Leçons Français

Thèmes

Gender of Inanimate Nouns and Concepts

Memorizing the gender of nouns referring to things is one of the most difficult parts of learning French, as assigning gender to an object or concept is unfamiliar to native English speakers. Is there any logic to this process? In many cases, it seems arbitrary, and there’s no way of guessing. Fortunately, some categories of nouns do follow logical rules. 

 

For example, it is indeed possible to identify the gender of a country based on its ending. La France is a feminine noun because it ends in e. (Note that we say la France even though it’s a proper noun. Unlike in English, all names of countries are preceded by an article in French.)

 

Le nom de la France vient du mot "Franc"

The name of France comes from the word "Franc" [Frank]

Caption 3, Le saviez-vous? D'où vient le nom de la France?

 Play Caption

 

That said, there are always exceptions. Even though it also ends in an e, le Mexique (Mexico) is masculine:

 

Maintenant avec leur aide, partons sur-le-champ conquérir le Mexique!

Now with their aid, let's leave at once to conquer Mexico!

Caption 29, Il était une fois: Les Amériques 9. Cortés et les Aztèques - Part 8

 Play Caption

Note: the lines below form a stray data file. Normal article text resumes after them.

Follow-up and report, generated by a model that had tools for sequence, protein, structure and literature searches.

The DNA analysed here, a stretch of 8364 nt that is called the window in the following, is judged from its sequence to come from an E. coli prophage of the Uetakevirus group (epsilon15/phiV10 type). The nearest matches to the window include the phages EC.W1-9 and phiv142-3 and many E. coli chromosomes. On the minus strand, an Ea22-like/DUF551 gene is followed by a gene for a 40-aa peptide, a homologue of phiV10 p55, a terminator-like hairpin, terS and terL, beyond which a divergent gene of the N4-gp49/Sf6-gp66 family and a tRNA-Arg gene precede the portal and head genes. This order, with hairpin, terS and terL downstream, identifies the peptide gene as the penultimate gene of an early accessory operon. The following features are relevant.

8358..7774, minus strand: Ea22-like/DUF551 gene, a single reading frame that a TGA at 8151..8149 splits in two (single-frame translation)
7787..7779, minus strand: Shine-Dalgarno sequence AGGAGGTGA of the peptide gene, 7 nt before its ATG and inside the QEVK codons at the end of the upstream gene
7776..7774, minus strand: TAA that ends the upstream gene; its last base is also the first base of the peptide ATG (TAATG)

But as for countries that don’t end in an e, it’s easy! They are automatically masculine: le Canada, le Japon, le Luxembourg (Canada, Japan, Luxembourg).

 

Pierre Trudeau, Premier Ministre du Canada, a dit que c'était une loi de fou.

Pierre Trudeau, Prime Minister of Canada, said it was a crazy law.

Caption 28, Le Québec parle aux Français - Part 3

 Play Caption

 

What about cities? Do they follow the same rule as countries? Not exactly. The Académie Française (the official French language watchdog, if you will) doesn’t give a definite answer, noting that people tend to prefer masculine although feminine is often used in literary contexts. 

 

In the video below, we can tell that Paris is masculine because of the masculine past participle traversé (intersected):

 

Car Paris était traversé à l'époque par un aqueduc

For Paris was intersected at the time by an aqueduct

Caption 39, Voyage dans Paris Le Treizième arrondissement de Paris - Part 2

 Play Caption

 

French speakers often get around the gender ambiguity by using the expression c’est (it’s), which always requires a masculine agreement. Instead of saying Paris est belle or Paris est beau (Paris is beautiful), Sophie uses the phrase c’est + masculine to describe Paris:

 

C'est beau Paris comme ça.

Paris is beautiful like this.

Caption 1, Sophie et Patrice Paris, c'est gris

 Play Caption

 

The gender of languages is much more clear-cut. All languages are masculine, from le français (French) to le thaï (Thai):

 

Je crois que le français est une langue géniale.

I believe that French is a great language.

Caption 11, Allons en France Pourquoi apprendre le français?

 Play Caption

 

Note, however, that if you say "the French language" or "the Thai language" instead of just "French" or "Thai," you have to use the feminine, because the word langue (language) is feminine: la langue françaisela langue thaïe.